There's a point in tomorrow's mid-season return of "Burn Notice" (10 p.m., USA) where one of the show's recurring villains tells ex-spy hero Michael Westen (Jeffrey Donovan) that he's abruptly leaving Miami - but not to worry, because his replacement would be arriving soon.
And it's at that point where I decided I'm done paying attention to the larger "Burn Notice" story arcs.
"Burn Notice" creator Matt Nix has always had a tough challenge with those arcs. USA wants each episode to be largely self-contained - a plan that's paid-off handsomely in the ratings, where "Burn Notice" is one of the biggest hits on cable - which means Nix has to devote most of each hour to showing Michael and friends Sam (Bruce Campbell) and Fi (Gabrielle Anwar) working as freelance do-gooders in the greater Miami area. That leaves only a few minutes (usually at the start and end of each episode) to address Michael's ongoing quest to...
... well, that's part of the problem right there. Once upon a time, Michael was trying to find the people who got him blackballed from the espionage game, but he found them a couple of seasons ago. Then there was a stretch where the arc was about all of Michael's old enemies coming after him, but only kinda-sorta, and then Michael was trying to come back in from the cold, and then trying to stop a British assassin's nebulous plot, and then... something involving another spy, Jesse (Coby Bell) whom Michael himself accidentally burned.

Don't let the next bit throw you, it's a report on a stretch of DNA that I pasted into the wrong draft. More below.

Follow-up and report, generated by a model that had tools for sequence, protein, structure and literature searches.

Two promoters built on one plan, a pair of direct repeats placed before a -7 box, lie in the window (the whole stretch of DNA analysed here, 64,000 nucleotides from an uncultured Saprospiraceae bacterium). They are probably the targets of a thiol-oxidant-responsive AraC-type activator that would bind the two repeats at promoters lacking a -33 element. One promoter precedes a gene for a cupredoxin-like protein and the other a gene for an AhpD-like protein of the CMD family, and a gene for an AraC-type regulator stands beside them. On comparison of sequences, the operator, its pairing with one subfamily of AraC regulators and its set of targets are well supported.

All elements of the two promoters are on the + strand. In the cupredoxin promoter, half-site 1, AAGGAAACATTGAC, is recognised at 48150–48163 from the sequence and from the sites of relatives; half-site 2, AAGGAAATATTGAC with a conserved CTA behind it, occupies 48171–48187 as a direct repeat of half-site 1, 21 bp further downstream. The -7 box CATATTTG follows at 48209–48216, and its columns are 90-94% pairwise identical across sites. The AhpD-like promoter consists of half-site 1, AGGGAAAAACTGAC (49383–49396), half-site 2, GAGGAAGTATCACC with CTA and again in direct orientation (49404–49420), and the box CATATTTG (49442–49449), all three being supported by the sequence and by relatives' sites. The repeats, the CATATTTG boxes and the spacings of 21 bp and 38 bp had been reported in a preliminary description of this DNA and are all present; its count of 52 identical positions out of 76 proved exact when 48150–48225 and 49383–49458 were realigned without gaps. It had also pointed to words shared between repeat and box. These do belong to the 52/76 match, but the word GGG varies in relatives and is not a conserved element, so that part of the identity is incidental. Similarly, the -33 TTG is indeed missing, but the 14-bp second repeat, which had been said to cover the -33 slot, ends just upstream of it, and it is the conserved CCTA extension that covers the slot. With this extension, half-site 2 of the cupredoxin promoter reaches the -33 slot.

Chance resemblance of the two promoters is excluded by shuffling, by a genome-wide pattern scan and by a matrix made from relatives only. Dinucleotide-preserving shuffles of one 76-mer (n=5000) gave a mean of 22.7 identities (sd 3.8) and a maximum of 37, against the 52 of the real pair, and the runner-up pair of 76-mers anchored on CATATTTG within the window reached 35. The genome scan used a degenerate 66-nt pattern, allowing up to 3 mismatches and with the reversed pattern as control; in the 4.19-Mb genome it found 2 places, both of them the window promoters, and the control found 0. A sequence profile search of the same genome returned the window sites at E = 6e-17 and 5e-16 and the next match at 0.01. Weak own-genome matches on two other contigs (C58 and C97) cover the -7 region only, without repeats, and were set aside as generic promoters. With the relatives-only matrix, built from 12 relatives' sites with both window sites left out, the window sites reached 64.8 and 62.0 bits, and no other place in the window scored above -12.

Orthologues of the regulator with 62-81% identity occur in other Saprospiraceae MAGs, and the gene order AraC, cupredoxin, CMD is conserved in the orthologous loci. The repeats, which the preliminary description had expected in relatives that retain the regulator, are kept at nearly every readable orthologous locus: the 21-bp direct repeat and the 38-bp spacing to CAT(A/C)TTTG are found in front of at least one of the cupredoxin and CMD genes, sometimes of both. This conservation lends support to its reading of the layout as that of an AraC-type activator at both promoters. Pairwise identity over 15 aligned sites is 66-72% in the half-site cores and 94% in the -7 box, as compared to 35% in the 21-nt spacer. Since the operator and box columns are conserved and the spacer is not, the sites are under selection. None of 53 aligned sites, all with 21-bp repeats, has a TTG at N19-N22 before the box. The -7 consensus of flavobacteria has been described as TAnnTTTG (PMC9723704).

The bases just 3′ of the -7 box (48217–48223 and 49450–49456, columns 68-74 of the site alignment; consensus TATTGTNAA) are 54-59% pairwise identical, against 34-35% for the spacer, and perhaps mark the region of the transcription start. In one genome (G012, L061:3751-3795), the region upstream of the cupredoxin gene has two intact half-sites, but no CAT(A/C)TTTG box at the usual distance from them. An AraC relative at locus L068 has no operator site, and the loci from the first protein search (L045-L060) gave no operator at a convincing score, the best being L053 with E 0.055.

Between the minimal amount of time spent on these stories and the way Nix keeps moving the goalposts for Michael, I've completely lost track of what it is Michael's trying to accomplish beyond the day-to-day. And the mid-season premiere, which features several jarring changes in agenda, finally made me throw up my hands and plan to mentally tune out those scenes going forward.
And that's a shame, because there was a point (in the second season, which climaxed with Michael confronting the man who burned him) where "Burn Notice" seemed so effortless and well-crafted, working equally well in its long and short-term storytelling. Now, though, it feels like there are arcs because someone worried that if Michael just set out a shingle as a private eye with special expertise in weapons and tactics, the show would seem insubstantial even by USA's intentionally lightweight standards.
(Some minor premiere spoilers follow.)
This week, at least, the standalone case is also uneven. Michael was shot in the chest in the summer finale, and he spends much of the premiere moving very gingerly and against doctor's orders as he tries to stop a serial bomber. But his incapacitation comes and goes depending on the needs of the plot. In one scene, he struggles to pick a lock one-handed, while in another, his limited mobility in no way interferes with his ability to outfight a larger, well-trained goon. It also feels a bit light on the voiceover spycraft tips that always set the show apart from a more standard detective show.
I'll keep watching for the chemistry between Donovan, Anwar, Campbell and (as Michael's mom) Sharon Gless, for what will hopefully be some good spycraft lessons in the future, and for those episodes where Team Westen is having a whole lot of fun blowing things up and trying on silly accents. But I think I've stopped expecting the show to return to its season two levels.
Alan Sepinwall may be reached at firstname.lastname@example.org
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